“Choose You This Day,” Liahona, Nov. 2004, 67–70
My dear brothers and sisters, both within my view and assembled throughout the world, I seek an interest in your faith and prayers as I respond to the assignment and privilege to address you. First, however, I should like to extend a personal welcome to Elders Dieter Uchtdorf and David Bednar, our new members of the Quorum of the Twelve Apostles.
I have been thinking recently about choices and their consequences. It has been said that the gate of history turns on small hinges, and so do people’s lives. The choices we make determine our destiny.
Joshua of old declared, “Choose you this day whom ye will serve; … but as for me and my house, we will serve the Lord.”1
All of us commenced an awesome and vital journey when we left the spirit world and entered this often challenging stage called mortality. We brought with us that great gift from God—our agency. Said the prophet Wilford Woodruff: “God has given unto all of His children … individual agency. … [We] possessed it in the heaven of heavens before the world was, and the Lord maintained and defended it there against the aggression of Lucifer. … By virtue of this agency you and I and all mankind are made responsible beings, responsible for the course we pursue, the lives we live, the deeds we do.”2
Brigham Young said, “All must use [this agency] in order to gain exaltation in [God’s] kingdom; inasmuch as [we] have the power of choice [we] must exercise that power.”3
The scriptures tell us that we are free to act for ourselves, “to choose the way of everlasting death or the way of eternal life.”4
A familiar hymn provides inspiration in the choices we make:
Choose the right when a choice is placed before you.
In the right the Holy Spirit guides;
And its light is forever shining o’er you,
When in the right your heart confides. …
Choose the right! There is peace in righteous doing.
Choose the right! There’s safety for the soul.
Choose the right in all labors you’re pursuing;
Let God and heaven be your goal.5
Do we have a guide to help us choose the right and avoid dangerous detours? Positioned on the wall of my office, directly opposite my desk, is a lovely print of the Savior, painted by Heinrich Hofmann. I love the painting, which I have had since I was a 22-year-old bishop and which I have taken with me wherever I have been assigned to labor. I have tried to pattern my life after the Master. Whenever I have a difficult decision to make, I have looked at that picture and asked myself, “What would He do?” Then I try to do it. We can never go wrong when we choose to follow the Savior.
Some choices may seem more important than others, but no choice is insignificant.
Some years ago I held in my hand a guide which, if followed, will never fail in helping us to make correct choices. It was a volume of scripture we commonly call the triple combination, containing the Book of Mormon, Doctrine and Covenants, and Pearl of Great Price. This book was a gift from a loving father to a precious daughter who followed carefully his advice. On the flyleaf page, her father had written in his own hand these inspired words:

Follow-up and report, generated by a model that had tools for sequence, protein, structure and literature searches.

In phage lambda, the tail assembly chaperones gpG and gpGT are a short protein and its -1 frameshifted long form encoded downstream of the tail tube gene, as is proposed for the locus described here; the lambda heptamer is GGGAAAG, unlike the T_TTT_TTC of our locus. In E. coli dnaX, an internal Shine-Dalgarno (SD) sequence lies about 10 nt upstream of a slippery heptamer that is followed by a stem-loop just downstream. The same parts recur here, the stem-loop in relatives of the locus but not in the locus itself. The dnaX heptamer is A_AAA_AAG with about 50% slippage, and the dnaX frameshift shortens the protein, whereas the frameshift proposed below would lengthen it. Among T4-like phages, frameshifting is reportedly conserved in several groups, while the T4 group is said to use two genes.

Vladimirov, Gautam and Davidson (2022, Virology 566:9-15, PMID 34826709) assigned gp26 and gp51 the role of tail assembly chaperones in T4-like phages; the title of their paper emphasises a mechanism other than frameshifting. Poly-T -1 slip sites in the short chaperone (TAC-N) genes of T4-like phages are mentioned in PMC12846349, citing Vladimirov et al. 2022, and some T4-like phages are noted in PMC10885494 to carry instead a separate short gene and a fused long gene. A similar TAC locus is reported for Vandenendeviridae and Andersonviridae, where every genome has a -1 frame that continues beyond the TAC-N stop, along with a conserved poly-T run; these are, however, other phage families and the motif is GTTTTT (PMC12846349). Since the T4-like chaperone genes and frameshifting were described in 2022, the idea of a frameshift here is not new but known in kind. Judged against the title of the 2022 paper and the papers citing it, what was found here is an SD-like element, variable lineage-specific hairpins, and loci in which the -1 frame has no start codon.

“To my dear Maurine,
“That you may have a constant measure by which to judge between truth and the errors of man’s philosophies, and thus grow in spirituality as you increase in knowledge, I give you this sacred book to read frequently and cherish throughout your life.
“Lovingly your father,
“Harold B. Lee”
As members of The Church of Jesus Christ of Latter-day Saints, our goal is to obtain celestial glory.
Let us not find ourselves as indecisive as is Alice in Lewis Carroll’s classic Alice’s Adventures in Wonderland. You will remember that she comes to a crossroads with two paths before her, each stretching onward but in opposite directions. She is confronted by the Cheshire cat, of whom Alice asks, “Which path shall I follow?”
The cat answers: “That depends where you want to go. If you do not know where you want to go, it doesn’t matter which path you take.”6
Unlike Alice, we all know where we want to go, and it does matter which way we go, for the path we follow in this life surely leads to the path we will follow in the next.
Each of us should remember that he or she is a son or daughter of God, endowed with faith, gifted with courage, and guided by prayer. Our eternal destiny is before us. The Apostle Paul speaks to us today as he spoke to Timothy long years ago: “Neglect not the gift that is in thee.” “O Timothy, keep that which is committed to thy trust.”7
At times many of us let that enemy of achievement—even the culprit “self-defeat”—dwarf our aspirations, smother our dreams, cloud our vision, and impair our lives. The enemy’s voice whispers in our ears, “You can’t do it.” “You’re too young.” “You’re too old.” “You’re nobody.” This is when we remember that we are created in the image of God. Reflection on this truth provides a profound sense of strength and power.
Mine was the privilege to know rather intimately President J. Reuben Clark Jr., who served for so many years as a member of the First Presidency. As I assisted him in the preparation for printing his monumental books, priceless lessons were learned. One day while in a somber, reflective mood, President Clark asked if I could arrange for the printing of a picture suitable for framing. The picture was to feature the lions of Persepolis guarding the ruins of a crumbled glory. President Clark wished to have printed with the picture—between the decaying arches of a civilization that was no more—a number of his favorite scriptures, chosen from his vast knowledge of holy writ. I felt you would wish to know his selections. There were three—two from Ecclesiastes and one from the Gospel of John.